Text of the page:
Preparation and characterization of hydroxyapatite reinforced with hardystonite as a novel bio-nanocomposite for tissue engineering

Document Type: Research Paper

Authors

1 Department of Materials Engineering, Shahreza Branch, Islamic Azad University, Shahreza, Isfahan, Iran

2 Advanced Materials Research Center, Department of Materials Engineering, Najafabad Branch, Islamic Azad University, Najafabad, Isfahan, Iran

10.7508/nmj.2015.02.006

Abstract

Objecttive(s):
Despite the poor mechanical properties of hydroxyapatite, its unique biological properties leads we think about study on improving its properties rather than completely replacing it with other biomaterials. Accordingly, in this study we introduced hydroxyapatite reinforced with hardystonite as a novel bio-nanocompositeand evaluate its in-vitro bioactivity with the aim of developing a mechanically strong and highly porous scaffold for bone tissue engineering applications.
Materials and Methods:
Natural Hydroxyapatite (NHA)-Hardystonite (HT) nanocomposite with different percentage of HT was synthesized by mechanical activation method and subsequent heating annealing process. This study showed that the addition of HT to HA not only increases the mechanical properties of HA but also improves its bioactivity. Dissolution curves presented in this study indicated that the pH value of SBF solution in the vicinity of HA-HT nanocomposite increases during the first week of experiment and decreases to blood pH at the second weekend. Hardystonite was composed of nano-crystalline structure with approximately diameter 40 nm. Specimens were composed of a blend of pure calcite (CaCO3) (98% purity, Merck), silica amorphous (SiO2) (98% purity, Merck) powder and pure zinc oxide (ZnO) with 50 % wt., 30 %wt and 20 %wt., respectively. These powders were milled by high energy ball mill using ball-to- powder ratio 10:1 and rotation speed of 600 rpm for 5 and 10 h. Then, the mixture mechanical activated has been pressed under 20 MPa. The samples pressed have been heated at 1100 ºC for 3 h in muffle furnace at air atmosphere. X-ray diffraction (XRD), scanning electron microscopy (SEM) and BET performed on the samples to characterize.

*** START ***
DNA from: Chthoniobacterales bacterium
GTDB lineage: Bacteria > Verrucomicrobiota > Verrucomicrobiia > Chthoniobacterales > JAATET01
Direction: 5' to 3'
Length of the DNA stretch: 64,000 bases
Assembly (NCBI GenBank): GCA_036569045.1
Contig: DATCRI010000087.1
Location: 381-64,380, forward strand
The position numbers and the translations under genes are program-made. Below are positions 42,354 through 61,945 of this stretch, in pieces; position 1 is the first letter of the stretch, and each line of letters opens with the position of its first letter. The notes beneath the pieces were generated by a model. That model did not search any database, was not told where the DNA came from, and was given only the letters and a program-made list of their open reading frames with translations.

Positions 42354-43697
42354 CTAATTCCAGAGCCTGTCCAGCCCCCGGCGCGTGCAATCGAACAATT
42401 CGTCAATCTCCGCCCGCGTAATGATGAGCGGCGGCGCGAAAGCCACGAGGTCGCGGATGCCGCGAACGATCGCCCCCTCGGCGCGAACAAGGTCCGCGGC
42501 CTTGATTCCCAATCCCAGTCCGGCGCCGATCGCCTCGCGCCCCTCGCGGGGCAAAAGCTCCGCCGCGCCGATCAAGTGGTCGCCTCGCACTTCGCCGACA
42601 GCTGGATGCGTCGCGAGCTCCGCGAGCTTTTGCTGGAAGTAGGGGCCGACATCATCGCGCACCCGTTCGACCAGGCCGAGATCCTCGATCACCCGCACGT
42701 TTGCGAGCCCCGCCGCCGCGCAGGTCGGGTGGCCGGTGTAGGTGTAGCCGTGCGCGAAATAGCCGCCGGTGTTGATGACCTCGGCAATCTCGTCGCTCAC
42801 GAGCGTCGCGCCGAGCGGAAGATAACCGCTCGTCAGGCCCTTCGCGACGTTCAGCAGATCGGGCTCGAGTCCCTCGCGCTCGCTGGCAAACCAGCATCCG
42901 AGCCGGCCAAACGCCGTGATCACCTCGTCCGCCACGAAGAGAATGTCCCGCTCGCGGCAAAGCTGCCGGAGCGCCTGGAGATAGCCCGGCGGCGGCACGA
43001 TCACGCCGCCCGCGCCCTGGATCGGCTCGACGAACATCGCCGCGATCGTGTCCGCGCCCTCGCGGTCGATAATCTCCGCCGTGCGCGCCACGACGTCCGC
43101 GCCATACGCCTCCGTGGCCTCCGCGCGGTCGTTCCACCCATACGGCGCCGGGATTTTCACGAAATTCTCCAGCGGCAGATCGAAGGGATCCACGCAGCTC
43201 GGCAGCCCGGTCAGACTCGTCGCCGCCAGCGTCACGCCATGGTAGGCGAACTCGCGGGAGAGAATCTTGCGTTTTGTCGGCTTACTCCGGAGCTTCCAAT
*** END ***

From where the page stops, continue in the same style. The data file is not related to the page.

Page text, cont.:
Results:
According to XRD results, the sample milled for 10 h just indicated the hardystonite phase, while the sample milled for 5 h illustrate hardystonite phase along with several phases.
Conclusion:
In fact, our study indicated that hardystonite powder was composed of nano-crystalline structure, about 40 nm, can be prepared by mechanical activation to use as a new biomaterials for orthopedic applications.

Keywords


1. Jaiswal AK, Chhabra H, Kadam SS, Londhe K, Soni VP, Bellare JR. Hardystonite improves biocompatibility and strength of electrospun polycaprolactone nanofibers over hydroxyapatite: A comparative study. Mater Sci Eng C Mater Biol Appl. 2013; 33: 2926–2936.

2. Zreiqat H, Ramaswamy Y, Wu C, Paschalidis A, Lu Z, James B, Birke O, McDonald M, Little D, Dunstan CR. The incorporation of strontium and zinc into a calcium–silicon ceramic for bone tissue engineering. Biomaterials. 2010; 31: 3175–3184.

3. Ramaswamy Y, Wu C, Zhou H, Zreiqat H. Biological response of human bone cells to zinc-modified Ca–Si-based ceramics. Acta Biomater. 2008; 4: 1487–1497.

4. Zhang W1, Wang G, Liu Y, Zhao X, Zou D, Zhu C, Jin Y, Huang Q, Sun J, Liu X, Jiang X, Zreiqat H. The synergistic effect of hierarchical micro/nano-topography and bioactive ions for enhanced osseointegration. Biomaterials. 2013;  34: 3184e3195.

5. Wu  C. Methods of improving mechanical and biomedical properties of Ca-Si-based ceramics and scaffolds. Expert Rev Med Devic. 2009; 6: 237 – 241.

6. Ramaswamy Y, Wu CT, Zhou H, Zreiqat H. Biological response of human bone cells to zinc-modified Ca-Si-based ceramics. Acta Biomater. 2008; 4: 1487e97.

7. Wu C, Chang J, Wang J, Ni S, Zhai W. Preparation and characteristics of a calcium magnesium silicate (bredigite) bioactive ceramic. Biomaterials 2005; 26: 2925e31.

8. Mohammadi H, Hafezi M, Nezafati N, Heasarki S, Nadernezhad A, Ghazanfari S MH, pantafar M, Bioinorganics in Bioactive Calcium Silicate Ceramics for Bone Tissue Repair: Bioactivity and Biological Properties. J Ceram Sci Tech. 2014; 5(1): 1-12.

9. Chengtie Wu and yin Xiao, evaluation of the In VitroBioactivity of Bioceramics, Bone and Tissue Regeneration Insights. 2009; 2: 25–29.

10. Ji-Ho Park, Doug-Youn Lee, Keun-Taek Oh, Yong-Keun Lee, Kwang-Mahn Kim, Kyoung-Nam Kim. Bioactivity of calcium phosphate coatings prepared by electrodeposition in a modified simulated body fluid, Mater Lett. 206; 60: 2573–2577.

11. W. L. Tham, W. S. Chow, Z. A. Mohd Ishak, Simulated body fluid and water absorption effects on poly(methyl methacrylate)/hydroxyapatite denture base composites. eXPRESS Polymer Letters. 2010;  4(9):  517–528.

12. Pradnya N. Chavan, Manjushri M. Bahir, Ravindra U. Mene, Megha P. Mahabole, Rajendra S. Khairnar. Study of nanobiomaterial hydroxyapatite in simulated body fluid:Formation and growth of apatite, Materials Science and Engineering B. 2010; 168: 224–230.

13. Kokubo  T,  Takadama  H.  How  useful  is  SBF  in  predicting in  vivo bone bioactivity. Biomaterials. 2006; 27(15): 2907–15

14. Hench  LL.  Bioceramics:  from  concept  to  clinic. J  Am  Ceram  Soc. 1991; 74: 1487–510.